Those good deeds and faithful works are like a “house cleaning,” which prepares the individual to allow God to take up residence in one’s heart, with Christ “subletting” the cranial cavity.  On “move-in” day, the individual’s name tag changes from whatever everyone knew them as before, to a newly born “Jesus,” regardless of one’s gender.  On “move-in” day, the body of the individual is healed of its sins, such that “Jesus” no longer allows sin in that bodily form.  Whatever claims the material realm had on that body are then forever-on released.  One’s body becomes the Temple of the soul, built of reborn flesh, such that the presence of the Holy Spirit makes one person become a sanctuary of Christ – where no sinful people are allowed (not even a visitation by the old self).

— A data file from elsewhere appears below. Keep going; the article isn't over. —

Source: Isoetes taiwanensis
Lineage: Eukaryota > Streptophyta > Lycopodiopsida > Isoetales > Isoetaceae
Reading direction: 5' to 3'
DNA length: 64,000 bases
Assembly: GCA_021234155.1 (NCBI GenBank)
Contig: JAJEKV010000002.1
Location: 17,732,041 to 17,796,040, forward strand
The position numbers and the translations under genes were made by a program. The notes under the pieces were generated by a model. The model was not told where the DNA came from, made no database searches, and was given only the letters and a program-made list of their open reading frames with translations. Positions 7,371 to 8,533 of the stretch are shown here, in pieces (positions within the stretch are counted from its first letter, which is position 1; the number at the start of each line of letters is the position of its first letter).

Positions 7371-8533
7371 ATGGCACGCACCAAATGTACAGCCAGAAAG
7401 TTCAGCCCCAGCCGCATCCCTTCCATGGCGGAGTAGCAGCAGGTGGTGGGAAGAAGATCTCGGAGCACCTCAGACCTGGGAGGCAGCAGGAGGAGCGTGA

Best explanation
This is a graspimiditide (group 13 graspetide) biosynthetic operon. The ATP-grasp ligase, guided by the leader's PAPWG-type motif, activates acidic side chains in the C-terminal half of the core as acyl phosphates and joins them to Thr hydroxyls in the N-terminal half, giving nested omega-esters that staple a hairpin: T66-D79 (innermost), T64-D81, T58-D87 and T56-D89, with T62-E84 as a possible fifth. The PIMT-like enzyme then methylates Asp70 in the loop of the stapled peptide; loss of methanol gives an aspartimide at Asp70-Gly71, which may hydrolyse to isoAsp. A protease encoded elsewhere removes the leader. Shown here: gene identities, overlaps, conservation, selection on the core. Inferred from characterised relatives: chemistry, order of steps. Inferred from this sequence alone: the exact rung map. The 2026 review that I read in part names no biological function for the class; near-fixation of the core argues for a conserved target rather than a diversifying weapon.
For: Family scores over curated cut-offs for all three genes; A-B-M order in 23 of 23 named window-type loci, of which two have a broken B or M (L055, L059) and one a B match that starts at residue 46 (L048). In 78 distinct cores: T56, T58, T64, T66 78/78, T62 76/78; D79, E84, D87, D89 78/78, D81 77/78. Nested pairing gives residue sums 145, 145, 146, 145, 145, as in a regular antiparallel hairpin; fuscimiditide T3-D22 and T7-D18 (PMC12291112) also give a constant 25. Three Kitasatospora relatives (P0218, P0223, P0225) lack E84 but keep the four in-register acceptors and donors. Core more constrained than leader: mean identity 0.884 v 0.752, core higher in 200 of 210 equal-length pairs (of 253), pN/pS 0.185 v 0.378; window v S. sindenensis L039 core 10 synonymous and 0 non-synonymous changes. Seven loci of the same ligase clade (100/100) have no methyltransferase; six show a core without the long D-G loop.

It must be noted that many times the leaders of the Temple and the Pharisees of the synagogues were angered by the presence of Jesus in their “houses” of holiness.  Several times they actually attempted to harm Jesus directly, while mostly they plotted to kill him secretly.  While obviously diseased people, and those with clear deformities and maladies, were kept out of holy places, there were laws about coming in contact with those who were sin-free.  For a “clean” Jew to even touch one of the “unclean,” rituals of purification were demanded, BEFORE a Jew in good standing was allowed to gather with others who were “washed clean” of their sins.  Still, the Pharisees AND ordinary Jews were just as full of sins as those outcast, only their sins were not so obviously seen.   So, despite all the efforts to keep the houses of the holy free of sinners … that failed to work out as planned.  That points out how a building cannot and will not make one cease sinning or be made whole.